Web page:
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Friday, 28 Jul 2017

Oxford PV signs Joint Development Agreement with a major industrial partner

The JDA will focus on that path to commercialisation, scaling up the silicon/perovskite tandem PV technology and developing the necessary processes for manufacture

1 Dec 2016 | Editor

Oxford Photovoltaics (Oxford PV) has announced a Joint Development Agreement (JDA) with a global manufacturer of solar cells and modules.

The agreement will see the two companies working together to further develop Oxford PV's perovskite-based solar technology - taking it from lab scale to manufacturing-ready status.

Oxford PV say that hold the world's largest patent portfolio for the use of perovskite in photovoltaic (PV) applications and that its' technology already demonstrates the efficiency and long-term stability needed to move towards commercialisation.

This JDA will focus on that path to commercialisation, scaling up the silicon/perovskite tandem PV technology and developing the necessary processes for manufacture.

The company recently (10th November 2016) announced the acquisition of a pilot line site in Brandenburg an der Havel, Germany. The bulk of this development work will be conducted at that site.

Frank Averdung, CEO of Oxford PV said, "We have made tremendous progress over the last year and this JDA provides independent ratification of our perovskite solar technology and its’ prospects. Whilst our research activities in Oxford focus on the future product roadmap, we are now ready to prepare our technology for commercialisation and will work on this with our partner in the German pilot line."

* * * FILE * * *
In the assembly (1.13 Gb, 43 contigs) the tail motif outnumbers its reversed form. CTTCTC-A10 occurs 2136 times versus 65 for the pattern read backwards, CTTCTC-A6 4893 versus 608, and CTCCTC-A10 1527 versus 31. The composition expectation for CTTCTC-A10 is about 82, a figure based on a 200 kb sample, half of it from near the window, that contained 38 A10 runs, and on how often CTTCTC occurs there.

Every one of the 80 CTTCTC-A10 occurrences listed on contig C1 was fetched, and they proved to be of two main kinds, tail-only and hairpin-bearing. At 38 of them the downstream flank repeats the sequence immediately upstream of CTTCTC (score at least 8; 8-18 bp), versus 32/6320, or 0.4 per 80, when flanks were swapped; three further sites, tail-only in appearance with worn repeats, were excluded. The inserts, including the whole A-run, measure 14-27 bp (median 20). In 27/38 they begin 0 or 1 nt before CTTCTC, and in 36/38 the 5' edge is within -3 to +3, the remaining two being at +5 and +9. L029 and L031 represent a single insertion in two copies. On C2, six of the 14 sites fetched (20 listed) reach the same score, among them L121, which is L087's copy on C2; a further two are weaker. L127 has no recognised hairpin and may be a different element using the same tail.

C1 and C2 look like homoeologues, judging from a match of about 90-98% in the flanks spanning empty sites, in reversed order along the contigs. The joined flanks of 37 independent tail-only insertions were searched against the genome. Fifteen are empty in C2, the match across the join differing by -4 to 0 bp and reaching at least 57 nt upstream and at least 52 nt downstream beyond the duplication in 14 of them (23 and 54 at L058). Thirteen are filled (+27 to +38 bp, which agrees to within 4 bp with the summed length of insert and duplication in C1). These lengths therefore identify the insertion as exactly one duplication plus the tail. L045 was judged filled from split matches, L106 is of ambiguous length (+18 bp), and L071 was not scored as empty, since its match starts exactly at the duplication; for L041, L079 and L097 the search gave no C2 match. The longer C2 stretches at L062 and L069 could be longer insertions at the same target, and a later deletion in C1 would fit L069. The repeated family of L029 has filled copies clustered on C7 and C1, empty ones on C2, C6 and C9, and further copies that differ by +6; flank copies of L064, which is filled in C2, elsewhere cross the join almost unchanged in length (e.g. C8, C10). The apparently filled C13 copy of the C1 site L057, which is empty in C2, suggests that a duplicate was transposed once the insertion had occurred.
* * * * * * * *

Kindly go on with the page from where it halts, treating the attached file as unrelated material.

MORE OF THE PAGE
www.oxfordpv.com   


About Oxford Photovoltaics

Oxford Photovoltaics Ltd (Oxford PV) is a pioneering solar technology company that was founded in 2010 as a spin-off from the University of Oxford by Professor Henry Snaith. Today, the company’s team of 37 people, including chemists and advanced materials scientists are on a fast-track to commercialising a new perovskite-based technology. Last year, Professor Snaith was honoured by Thomson Reuters as the second most influential scientific mind in the world. The company believes that this technology will enable cell manufacturers in the $100bn solar power industry to boost the performance of their solar cells by around 30 per cent and facilitate new multi-billion dollar markets for the generation of solar power.

Source: Oxford Photovoltaics


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